Secondly, focus on feelings of support and value. Having formal structural support systems is insufficient. We cannot stop there. It is helpful on the most superficial and basic level but managers need to go beyond that. Official platforms in the organisation are targeted at different social groups as a whole. So, on a daily basis, managers should focus on connecting with individuals on their team. Talk to them to find out how they are feeling. Engage in genuine conversations with your employees so that they feel respected and valued in the community. Of course, it does not have to be a heavy heart-to-heart conversation. Rather, a simple chat to check in on their well-being would suffice and make them feel cared for. To reinforce inclusion efforts, formal and personal channels should go hand in hand to produce the best results.
Lastly, take a look at the 4E model by Mary-Frances Winters on how to become more interculturally competent.
Pic Cr: theinclusionsolution.me
For the first step, one must have exposure to difference. It is important to have instances in your daily life where you interact with people different from you. Winters even has a checklist exercise to find out how much exposure you experience normally. After that, the second step is experience. It is about making an effort to understand other cultures on a deeper and personal level through a first-hand experience. Then, we have education, which entails taking the initiative to educate oneself about other cultures, race and religion. An interaction with one individual does not give you a sufficient representation of their culture. Hence, it is vital not to form stereotypes based on a one-off experience. Instead, broaden your perspectives. Finally, these 3Es lead up to effectiveness in inclusion and diversity efforts.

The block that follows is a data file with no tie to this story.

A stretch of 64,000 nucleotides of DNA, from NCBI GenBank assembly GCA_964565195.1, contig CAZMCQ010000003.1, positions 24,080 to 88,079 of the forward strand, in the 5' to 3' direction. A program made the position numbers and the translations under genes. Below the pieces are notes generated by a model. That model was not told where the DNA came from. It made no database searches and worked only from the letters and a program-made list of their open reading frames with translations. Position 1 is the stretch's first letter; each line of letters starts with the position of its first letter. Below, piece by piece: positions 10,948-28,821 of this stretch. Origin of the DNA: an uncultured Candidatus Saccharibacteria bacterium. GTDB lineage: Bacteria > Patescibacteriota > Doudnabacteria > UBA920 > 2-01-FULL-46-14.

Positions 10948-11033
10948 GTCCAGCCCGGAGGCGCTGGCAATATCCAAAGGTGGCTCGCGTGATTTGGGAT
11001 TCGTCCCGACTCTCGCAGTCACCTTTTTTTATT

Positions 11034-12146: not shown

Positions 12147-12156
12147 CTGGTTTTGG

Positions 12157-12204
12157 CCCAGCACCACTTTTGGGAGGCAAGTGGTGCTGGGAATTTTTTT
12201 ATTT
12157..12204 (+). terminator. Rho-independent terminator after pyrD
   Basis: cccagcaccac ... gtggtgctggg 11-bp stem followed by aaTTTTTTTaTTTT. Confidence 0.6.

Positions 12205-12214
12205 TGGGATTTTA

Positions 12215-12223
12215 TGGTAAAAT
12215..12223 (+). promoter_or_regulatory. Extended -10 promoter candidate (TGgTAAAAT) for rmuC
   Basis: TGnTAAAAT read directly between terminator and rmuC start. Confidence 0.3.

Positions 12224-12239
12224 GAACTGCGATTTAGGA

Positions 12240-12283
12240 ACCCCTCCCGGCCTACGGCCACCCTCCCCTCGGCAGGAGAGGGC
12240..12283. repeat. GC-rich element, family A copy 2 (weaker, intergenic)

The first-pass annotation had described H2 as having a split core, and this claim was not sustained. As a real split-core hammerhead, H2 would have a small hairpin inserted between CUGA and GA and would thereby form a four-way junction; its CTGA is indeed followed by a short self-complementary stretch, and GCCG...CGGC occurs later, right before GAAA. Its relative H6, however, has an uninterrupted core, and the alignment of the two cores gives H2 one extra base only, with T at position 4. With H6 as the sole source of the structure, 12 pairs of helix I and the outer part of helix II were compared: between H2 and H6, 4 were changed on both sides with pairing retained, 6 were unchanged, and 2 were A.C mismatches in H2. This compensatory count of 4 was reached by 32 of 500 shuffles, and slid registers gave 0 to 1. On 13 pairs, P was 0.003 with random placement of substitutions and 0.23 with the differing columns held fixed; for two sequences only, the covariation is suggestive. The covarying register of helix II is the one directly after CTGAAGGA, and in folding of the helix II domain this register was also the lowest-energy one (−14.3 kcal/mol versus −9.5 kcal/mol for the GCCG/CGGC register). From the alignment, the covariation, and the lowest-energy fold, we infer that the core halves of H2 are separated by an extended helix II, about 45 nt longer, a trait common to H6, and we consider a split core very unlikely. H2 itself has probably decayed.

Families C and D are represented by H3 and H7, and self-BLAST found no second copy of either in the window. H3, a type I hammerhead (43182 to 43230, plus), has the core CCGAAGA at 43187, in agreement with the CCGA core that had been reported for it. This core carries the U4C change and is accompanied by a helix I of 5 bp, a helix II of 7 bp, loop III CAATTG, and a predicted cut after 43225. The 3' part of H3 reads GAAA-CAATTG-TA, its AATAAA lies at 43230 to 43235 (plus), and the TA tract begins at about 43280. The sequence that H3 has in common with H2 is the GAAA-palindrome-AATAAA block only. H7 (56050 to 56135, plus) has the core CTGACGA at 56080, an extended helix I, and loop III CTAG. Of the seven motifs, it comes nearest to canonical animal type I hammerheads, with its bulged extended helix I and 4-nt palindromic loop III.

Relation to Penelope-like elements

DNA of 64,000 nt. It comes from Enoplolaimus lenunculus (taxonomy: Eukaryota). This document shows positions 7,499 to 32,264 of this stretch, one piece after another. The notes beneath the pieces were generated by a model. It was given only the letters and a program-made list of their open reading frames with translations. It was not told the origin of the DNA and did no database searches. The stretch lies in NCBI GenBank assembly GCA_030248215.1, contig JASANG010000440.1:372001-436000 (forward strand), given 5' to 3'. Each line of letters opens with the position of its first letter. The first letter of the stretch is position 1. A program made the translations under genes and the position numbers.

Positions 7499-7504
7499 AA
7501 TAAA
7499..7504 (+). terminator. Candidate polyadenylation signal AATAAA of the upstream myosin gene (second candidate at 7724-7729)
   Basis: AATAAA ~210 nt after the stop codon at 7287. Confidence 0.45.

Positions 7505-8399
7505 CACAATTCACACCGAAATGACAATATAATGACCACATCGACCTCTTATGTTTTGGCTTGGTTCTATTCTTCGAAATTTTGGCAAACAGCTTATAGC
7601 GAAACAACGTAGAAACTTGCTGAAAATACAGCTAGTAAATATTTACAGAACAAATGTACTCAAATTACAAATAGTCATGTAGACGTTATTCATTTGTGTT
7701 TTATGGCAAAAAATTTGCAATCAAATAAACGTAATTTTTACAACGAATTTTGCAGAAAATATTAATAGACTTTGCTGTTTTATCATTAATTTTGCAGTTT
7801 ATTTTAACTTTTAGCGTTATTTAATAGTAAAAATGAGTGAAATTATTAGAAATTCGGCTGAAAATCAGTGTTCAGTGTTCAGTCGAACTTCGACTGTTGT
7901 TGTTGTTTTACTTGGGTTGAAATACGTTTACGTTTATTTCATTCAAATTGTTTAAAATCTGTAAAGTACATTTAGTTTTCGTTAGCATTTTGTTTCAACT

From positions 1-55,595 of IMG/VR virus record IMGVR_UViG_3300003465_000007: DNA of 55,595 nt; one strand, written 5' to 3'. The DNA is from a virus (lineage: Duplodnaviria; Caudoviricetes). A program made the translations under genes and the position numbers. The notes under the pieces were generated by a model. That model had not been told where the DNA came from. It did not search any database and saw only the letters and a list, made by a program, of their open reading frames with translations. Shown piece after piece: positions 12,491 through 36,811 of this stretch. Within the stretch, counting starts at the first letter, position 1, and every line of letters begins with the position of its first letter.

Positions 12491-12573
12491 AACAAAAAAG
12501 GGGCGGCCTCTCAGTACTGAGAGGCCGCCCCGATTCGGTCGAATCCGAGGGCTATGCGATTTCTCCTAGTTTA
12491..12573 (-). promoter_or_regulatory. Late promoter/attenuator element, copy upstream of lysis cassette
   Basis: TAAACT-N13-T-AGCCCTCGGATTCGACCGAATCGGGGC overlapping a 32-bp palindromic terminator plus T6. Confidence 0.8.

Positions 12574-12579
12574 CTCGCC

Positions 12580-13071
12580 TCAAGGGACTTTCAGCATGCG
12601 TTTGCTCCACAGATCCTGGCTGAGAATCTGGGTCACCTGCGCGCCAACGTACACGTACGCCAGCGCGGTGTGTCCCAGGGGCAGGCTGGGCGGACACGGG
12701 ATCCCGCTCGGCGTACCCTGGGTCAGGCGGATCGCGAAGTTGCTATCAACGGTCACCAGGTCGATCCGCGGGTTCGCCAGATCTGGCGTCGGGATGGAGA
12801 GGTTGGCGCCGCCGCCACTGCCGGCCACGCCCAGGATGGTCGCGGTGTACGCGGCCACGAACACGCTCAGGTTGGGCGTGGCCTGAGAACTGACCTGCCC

Embracing diversity and being inclusive is not an overnight project. Just as racism, stereotypes and prejudices were cultivated over decades, it takes an equally long time to eliminate them. But, it does not mean it cannot be achieved. Keeping these points in mind, we can foster feelings of inclusion and belonging not only in the workplace but also in our entire community. If you’re interested, read more about coping with stigma in the workplace to understand more about its history and potential triggers.